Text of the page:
Made In The Shade

4.7 based on 3 ratings

Updated on Nov 07, 2012


Environmental Science

Grade Level

5 & up

Difficulty Level




Safety Issues


Material Availability

All necessary materials are readily available.

Project Time Frame

4-6 weeks


This project deals with the qualities of shade on a sunny day.

The goals of this project are:

  1. To determine outdoor temperature differences.
  2. To examine different types of shade.
  3. To outline the practical applications of differently shaded areas.

  • Computer with internet access.
  • Digital camera
  • Several outdoor thermometers.
  • Calculator
  • Typical office/craft supplies (such as paper, pens & poster-board)

All materials can be found in local stores or on ebay.


Shade is the shadow that’s created when an object blocks sunlight from hitting another object.On hot sunny days we seek the shadows cast by various objects around us, such as buildings or trees.This project explores the qualities of shade, and how types of shade differ from one another.

Research Questions
  • What’s the temperature difference between shade and direct sunlight?
  • What (if any) is the temperature difference between different types of shade?
  • What are the practical uses of different types of shade?
  • Do people prefer one kind of shade over another?Why or why not?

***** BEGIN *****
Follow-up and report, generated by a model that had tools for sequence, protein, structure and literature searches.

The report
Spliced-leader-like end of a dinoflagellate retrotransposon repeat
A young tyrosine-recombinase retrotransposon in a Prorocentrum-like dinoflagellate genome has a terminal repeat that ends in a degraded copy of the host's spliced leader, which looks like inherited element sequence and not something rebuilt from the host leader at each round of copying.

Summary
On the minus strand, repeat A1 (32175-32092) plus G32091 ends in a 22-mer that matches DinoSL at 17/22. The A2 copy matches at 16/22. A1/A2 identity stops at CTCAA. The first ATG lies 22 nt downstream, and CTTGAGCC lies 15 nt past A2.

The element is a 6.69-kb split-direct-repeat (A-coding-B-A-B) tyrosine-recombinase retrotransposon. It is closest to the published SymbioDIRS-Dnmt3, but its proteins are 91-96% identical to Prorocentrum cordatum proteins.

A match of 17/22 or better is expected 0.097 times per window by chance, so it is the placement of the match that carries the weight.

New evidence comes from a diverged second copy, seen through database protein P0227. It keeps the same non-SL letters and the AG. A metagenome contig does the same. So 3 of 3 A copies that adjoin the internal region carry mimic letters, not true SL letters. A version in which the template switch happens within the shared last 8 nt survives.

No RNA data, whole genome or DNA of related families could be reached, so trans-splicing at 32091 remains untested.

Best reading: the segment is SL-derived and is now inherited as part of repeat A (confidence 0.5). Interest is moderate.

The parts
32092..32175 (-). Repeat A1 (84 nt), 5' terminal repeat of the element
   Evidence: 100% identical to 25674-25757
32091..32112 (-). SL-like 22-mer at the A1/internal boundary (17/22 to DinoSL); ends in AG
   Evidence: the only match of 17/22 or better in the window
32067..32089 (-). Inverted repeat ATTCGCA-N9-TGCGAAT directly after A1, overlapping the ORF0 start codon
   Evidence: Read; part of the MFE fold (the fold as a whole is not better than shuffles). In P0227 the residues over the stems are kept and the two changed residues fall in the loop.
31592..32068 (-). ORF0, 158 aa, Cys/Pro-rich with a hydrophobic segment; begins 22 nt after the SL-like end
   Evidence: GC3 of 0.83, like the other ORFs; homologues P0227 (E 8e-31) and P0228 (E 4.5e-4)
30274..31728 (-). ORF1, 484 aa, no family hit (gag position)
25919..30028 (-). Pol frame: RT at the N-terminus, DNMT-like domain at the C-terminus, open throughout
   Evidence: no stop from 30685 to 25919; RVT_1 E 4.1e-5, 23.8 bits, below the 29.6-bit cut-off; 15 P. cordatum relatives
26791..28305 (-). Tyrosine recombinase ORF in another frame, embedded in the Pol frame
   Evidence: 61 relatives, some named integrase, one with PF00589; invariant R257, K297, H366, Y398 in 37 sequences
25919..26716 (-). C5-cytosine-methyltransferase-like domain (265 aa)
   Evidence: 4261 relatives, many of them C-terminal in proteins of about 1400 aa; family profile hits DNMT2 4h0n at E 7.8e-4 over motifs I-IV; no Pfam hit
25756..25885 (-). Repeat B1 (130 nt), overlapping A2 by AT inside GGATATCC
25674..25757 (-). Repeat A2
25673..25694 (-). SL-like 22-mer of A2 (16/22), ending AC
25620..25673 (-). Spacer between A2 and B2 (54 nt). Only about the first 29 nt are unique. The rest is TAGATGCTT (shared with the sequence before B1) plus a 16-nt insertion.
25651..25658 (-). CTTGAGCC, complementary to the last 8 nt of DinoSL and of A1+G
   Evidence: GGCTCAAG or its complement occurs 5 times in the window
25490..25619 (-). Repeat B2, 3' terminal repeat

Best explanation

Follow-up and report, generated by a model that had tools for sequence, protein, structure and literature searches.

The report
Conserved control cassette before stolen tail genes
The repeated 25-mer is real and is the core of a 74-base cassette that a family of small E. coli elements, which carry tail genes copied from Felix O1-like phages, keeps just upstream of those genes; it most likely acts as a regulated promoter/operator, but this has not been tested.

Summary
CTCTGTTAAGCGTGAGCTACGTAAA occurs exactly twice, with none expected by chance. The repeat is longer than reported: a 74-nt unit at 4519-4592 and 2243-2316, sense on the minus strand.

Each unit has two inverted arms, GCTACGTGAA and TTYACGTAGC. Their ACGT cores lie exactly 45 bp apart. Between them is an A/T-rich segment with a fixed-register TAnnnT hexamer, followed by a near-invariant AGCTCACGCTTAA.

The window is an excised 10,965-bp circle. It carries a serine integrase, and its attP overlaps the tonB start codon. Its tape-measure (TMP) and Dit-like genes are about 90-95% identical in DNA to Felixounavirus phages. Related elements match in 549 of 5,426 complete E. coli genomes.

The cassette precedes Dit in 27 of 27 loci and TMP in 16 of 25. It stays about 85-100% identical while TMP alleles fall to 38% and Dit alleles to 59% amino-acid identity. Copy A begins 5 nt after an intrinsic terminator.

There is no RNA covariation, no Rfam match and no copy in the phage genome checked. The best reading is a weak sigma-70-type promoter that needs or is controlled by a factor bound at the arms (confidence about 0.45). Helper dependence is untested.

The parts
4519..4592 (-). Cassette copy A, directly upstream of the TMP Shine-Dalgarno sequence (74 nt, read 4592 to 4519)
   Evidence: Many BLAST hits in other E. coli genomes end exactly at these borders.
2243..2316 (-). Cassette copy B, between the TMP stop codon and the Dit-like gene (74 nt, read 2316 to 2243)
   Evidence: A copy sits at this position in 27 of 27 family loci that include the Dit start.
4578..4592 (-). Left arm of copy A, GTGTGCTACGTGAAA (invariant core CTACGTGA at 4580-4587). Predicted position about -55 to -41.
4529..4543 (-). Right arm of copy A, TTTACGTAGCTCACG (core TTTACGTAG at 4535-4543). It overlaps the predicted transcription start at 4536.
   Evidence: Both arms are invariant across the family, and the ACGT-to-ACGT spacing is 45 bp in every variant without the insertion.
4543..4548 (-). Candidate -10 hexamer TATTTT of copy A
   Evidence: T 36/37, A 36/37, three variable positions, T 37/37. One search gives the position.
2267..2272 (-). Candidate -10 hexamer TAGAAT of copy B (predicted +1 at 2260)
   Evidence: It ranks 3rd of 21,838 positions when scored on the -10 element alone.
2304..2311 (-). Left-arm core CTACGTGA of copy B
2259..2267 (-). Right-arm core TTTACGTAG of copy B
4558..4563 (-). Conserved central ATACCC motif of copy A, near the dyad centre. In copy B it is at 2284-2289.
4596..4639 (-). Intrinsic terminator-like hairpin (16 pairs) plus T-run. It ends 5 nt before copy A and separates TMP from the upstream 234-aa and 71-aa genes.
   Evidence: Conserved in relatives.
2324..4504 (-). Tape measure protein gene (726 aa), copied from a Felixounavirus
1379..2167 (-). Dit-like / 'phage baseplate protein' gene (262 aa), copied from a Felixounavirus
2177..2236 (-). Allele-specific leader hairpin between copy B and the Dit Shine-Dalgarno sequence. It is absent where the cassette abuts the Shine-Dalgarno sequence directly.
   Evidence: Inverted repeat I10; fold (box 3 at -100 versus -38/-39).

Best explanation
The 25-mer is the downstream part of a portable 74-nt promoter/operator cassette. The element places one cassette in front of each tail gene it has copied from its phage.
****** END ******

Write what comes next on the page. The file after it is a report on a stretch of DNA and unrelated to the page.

Terms and Concepts to Start Background Research
  • Climate control
  • Shade / Shadow
  • Sunlight

  1. Read overviews of relevant topics (see bibliography below and terms listed above).
  2. Select 3 or 4 locations, close to each other:one area shaded by a man-made structure, one area shaded by a tree (or 2 areas, each shaded by a different type of tree), and one area in direct sunlight.
  3. Place a thermometer in each location (thermometers should be of the same kind)
  4. Check temperatures at regular intervals.Be sure shady places stay shady during temperature measurements.
  5. Carefully record all observations and measurements.
  6. Repeat the above process on another day, under the same conditions and in the same locations, but switch the thermometers around.
  7. Have blindfolded volunteers spend one minute in each shady area, with at least one minute of exposure to direct sunlight in between.Best if experimental area is hidden from the view of volunteers until after the trials.
  8. Ask volunteers which (if any) type shade they preferred.
  9. Analyze the data.
  10. Interpret your findings in a detailed report.
  11. Show results visually using charts and graphs.
  12. Display any interesting photos taken throughout the course of the experiment.

Bibliography (all about shade trees)

Internet searches of your own choosing:Do a Google or Yahoo search for any of the terms listed above, and click on any results that interest you.Have fun surfing the net!

Judee Shipman is a Bay Area Educational Consultant and professional writer of quality educational materials. Her recent writing credits include (a popular and entertaining website about states), and a book called The Portable Chess Coach (Cardoza, 2006), currently available in stores.

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